posted on Nov, 18 2021 @ 02:52 AM
a reply to: burdman30ott6
Scotus has nothing to do with it. Please read the Constitution of the United States.
Congress sets standards for the training and discipline of the National Guard. That training and discipline INCLUDES ensuring their readiness for duty
"when called into the actual service of the United States". The President, as Commander in Chief, is responsible for ensuring that those training and
discipline standards are maintained.
The Militia Act of 1903 formalized the relationship between the States and the Feds with respect to the militia and renamed it "National Guard".
The Militia Act of 1908 formalized overseas deployment conditions and the 1908 law also included the creation of the "Division of Militia Affairs"
as the Army agency responsible for overseeing federal training and administrative requirements for the National Guard
The National Defense Act of 1916, increased training requirements, authorised the War Department to centrally plan for the National Guard's
authorized strength, and the number and types of National Guard units in each state, required Guardsmen to take both State and Federal oaths of
(among other things, of course).
The National Defense Act of 1920 strengthened the coordination between the National Guard and the Federal Army.
The National Defense Act Amendments of 1933 established a "National Guard of the United States" (essentially the Army Reserve). Since then, all
National Guardsmen have been members of both their State National Guard and the National Guard of the United States
War is NOT the only situation when the National Guard can be called up for service by the President.
12 times the president called in the military
- 1957, President Dwight Eisenhower - desegregation of Little Rock Arkansas schools
- 1962 President John F Kennedy: Integration of University of Mississippi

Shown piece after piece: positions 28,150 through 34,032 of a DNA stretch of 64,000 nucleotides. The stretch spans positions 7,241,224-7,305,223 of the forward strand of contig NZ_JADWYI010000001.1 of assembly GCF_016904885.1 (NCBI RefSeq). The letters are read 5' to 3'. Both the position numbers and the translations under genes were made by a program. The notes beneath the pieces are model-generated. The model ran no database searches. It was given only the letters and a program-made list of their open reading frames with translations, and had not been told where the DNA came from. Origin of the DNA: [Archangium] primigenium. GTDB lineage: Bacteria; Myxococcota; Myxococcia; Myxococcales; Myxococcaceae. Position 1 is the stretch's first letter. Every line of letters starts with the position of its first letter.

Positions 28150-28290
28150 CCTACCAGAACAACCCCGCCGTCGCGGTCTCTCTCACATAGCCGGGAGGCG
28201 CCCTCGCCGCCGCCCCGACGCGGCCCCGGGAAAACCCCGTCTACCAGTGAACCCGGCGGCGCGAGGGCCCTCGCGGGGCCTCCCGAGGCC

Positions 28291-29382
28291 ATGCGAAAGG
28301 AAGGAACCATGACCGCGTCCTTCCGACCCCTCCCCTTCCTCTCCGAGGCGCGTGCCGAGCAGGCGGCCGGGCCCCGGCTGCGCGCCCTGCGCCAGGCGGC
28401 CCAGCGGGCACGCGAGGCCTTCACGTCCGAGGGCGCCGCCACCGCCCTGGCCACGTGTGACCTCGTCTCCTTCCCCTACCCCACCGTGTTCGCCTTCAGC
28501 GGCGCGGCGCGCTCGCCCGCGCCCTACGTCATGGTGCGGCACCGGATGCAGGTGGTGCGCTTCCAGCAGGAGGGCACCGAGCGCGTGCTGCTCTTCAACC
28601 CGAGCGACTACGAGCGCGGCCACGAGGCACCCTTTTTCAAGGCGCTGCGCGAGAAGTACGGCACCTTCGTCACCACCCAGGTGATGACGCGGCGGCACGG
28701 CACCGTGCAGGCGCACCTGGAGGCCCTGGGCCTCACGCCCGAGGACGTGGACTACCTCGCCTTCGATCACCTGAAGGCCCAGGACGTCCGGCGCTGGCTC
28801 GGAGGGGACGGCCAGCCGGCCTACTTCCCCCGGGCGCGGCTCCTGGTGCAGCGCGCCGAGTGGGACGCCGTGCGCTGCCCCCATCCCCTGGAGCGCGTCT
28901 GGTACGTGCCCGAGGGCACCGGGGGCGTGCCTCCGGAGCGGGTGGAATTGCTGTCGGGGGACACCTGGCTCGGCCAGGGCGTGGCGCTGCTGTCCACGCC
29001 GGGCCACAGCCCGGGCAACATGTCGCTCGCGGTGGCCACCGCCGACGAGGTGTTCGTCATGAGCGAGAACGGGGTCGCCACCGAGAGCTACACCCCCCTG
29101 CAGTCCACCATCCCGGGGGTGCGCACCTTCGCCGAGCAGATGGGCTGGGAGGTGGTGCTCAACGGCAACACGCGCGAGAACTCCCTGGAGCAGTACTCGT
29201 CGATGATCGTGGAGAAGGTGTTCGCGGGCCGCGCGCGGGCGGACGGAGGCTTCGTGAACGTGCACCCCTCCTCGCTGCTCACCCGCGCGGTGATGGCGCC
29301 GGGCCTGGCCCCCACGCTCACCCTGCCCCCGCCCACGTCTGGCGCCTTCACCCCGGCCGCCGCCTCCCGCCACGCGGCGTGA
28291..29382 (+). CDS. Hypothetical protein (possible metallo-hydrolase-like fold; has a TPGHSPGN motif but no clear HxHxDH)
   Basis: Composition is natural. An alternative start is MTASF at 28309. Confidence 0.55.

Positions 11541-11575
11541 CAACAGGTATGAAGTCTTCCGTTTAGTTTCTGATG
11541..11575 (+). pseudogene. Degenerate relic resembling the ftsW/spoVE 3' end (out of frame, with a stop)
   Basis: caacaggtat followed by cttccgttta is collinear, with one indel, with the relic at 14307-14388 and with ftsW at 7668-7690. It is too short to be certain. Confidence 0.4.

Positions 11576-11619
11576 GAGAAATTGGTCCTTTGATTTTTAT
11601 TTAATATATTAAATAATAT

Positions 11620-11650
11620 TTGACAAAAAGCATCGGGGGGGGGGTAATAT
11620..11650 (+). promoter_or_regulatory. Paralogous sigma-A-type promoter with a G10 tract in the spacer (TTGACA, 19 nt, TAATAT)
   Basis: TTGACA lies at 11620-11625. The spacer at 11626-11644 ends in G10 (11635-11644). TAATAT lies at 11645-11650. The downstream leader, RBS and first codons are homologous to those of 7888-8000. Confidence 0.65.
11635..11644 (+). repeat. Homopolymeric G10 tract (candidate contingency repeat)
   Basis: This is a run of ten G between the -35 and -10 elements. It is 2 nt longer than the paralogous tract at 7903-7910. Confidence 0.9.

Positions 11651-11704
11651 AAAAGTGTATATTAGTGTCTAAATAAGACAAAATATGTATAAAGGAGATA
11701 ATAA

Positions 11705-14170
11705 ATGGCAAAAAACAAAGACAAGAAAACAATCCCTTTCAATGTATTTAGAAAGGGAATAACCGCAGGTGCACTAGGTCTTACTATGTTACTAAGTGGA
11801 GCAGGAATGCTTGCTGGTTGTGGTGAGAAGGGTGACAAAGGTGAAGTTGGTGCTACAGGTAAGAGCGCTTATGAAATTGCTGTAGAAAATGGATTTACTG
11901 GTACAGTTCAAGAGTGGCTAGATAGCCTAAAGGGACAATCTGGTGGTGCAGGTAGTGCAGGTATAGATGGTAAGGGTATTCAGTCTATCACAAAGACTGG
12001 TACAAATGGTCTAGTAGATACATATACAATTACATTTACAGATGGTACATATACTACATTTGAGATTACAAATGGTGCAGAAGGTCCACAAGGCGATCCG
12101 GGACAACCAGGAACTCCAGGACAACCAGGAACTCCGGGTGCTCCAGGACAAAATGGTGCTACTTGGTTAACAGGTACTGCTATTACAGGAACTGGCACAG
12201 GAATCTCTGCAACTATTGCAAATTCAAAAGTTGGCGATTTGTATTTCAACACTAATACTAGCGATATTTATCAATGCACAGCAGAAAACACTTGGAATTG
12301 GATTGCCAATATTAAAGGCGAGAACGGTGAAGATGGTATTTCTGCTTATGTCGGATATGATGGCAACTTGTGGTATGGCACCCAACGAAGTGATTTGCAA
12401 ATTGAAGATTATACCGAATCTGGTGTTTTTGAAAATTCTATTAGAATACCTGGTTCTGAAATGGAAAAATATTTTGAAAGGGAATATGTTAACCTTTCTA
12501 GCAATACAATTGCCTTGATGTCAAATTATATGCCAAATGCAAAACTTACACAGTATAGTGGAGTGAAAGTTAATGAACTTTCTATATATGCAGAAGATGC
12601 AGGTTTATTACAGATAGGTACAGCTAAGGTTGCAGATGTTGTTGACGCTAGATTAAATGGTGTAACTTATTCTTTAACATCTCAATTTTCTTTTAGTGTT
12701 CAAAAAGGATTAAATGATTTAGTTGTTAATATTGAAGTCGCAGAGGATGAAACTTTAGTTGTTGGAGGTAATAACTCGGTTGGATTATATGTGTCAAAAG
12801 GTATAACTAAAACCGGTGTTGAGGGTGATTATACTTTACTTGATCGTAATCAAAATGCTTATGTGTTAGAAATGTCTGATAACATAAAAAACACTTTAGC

- 1963 President John F. Kennedy: Integration of University of Alabama
- 1963 President John F. Kennedy: Integration of Alabama schools
- 1965 President Lyndon B. Johnson: Selma, Montgomery civil rights march
- 1967 President Lyndon B. Johnson: Detroit riots
- 1968 President Lyndon B. Johnson: Chicago riots following assassination of Martin Luther King Jr.
- 1968 President Lyndon B. Johnson: Washington riots following King's murder
- 1968 President Lyndon B. Johnson: Baltimore riots following King's murder
- 1970 President Richard M. Nixon: New York City postal strike
- 1989 President Ronald Reagan: Looting after Hurricane Hugo
- 1992 President George H. W. Bush: Riots after Rodney King verdict
Clearly, deployments to deal with riots or hurricanes cannot wait for some refusenik to get jabbed, sit on his ass for 4 weeks or more, get another
jab and sit for another 2 weeks. Riots or hurricanes will be passed by then.
This issue goes straight to the heart of military preparedness and attempting to dismiss the authority of the Commander in Chief to enforce the
preparedness requirements of the military, whether Federal or National Guard is actually a transparent attempt at gaslighting.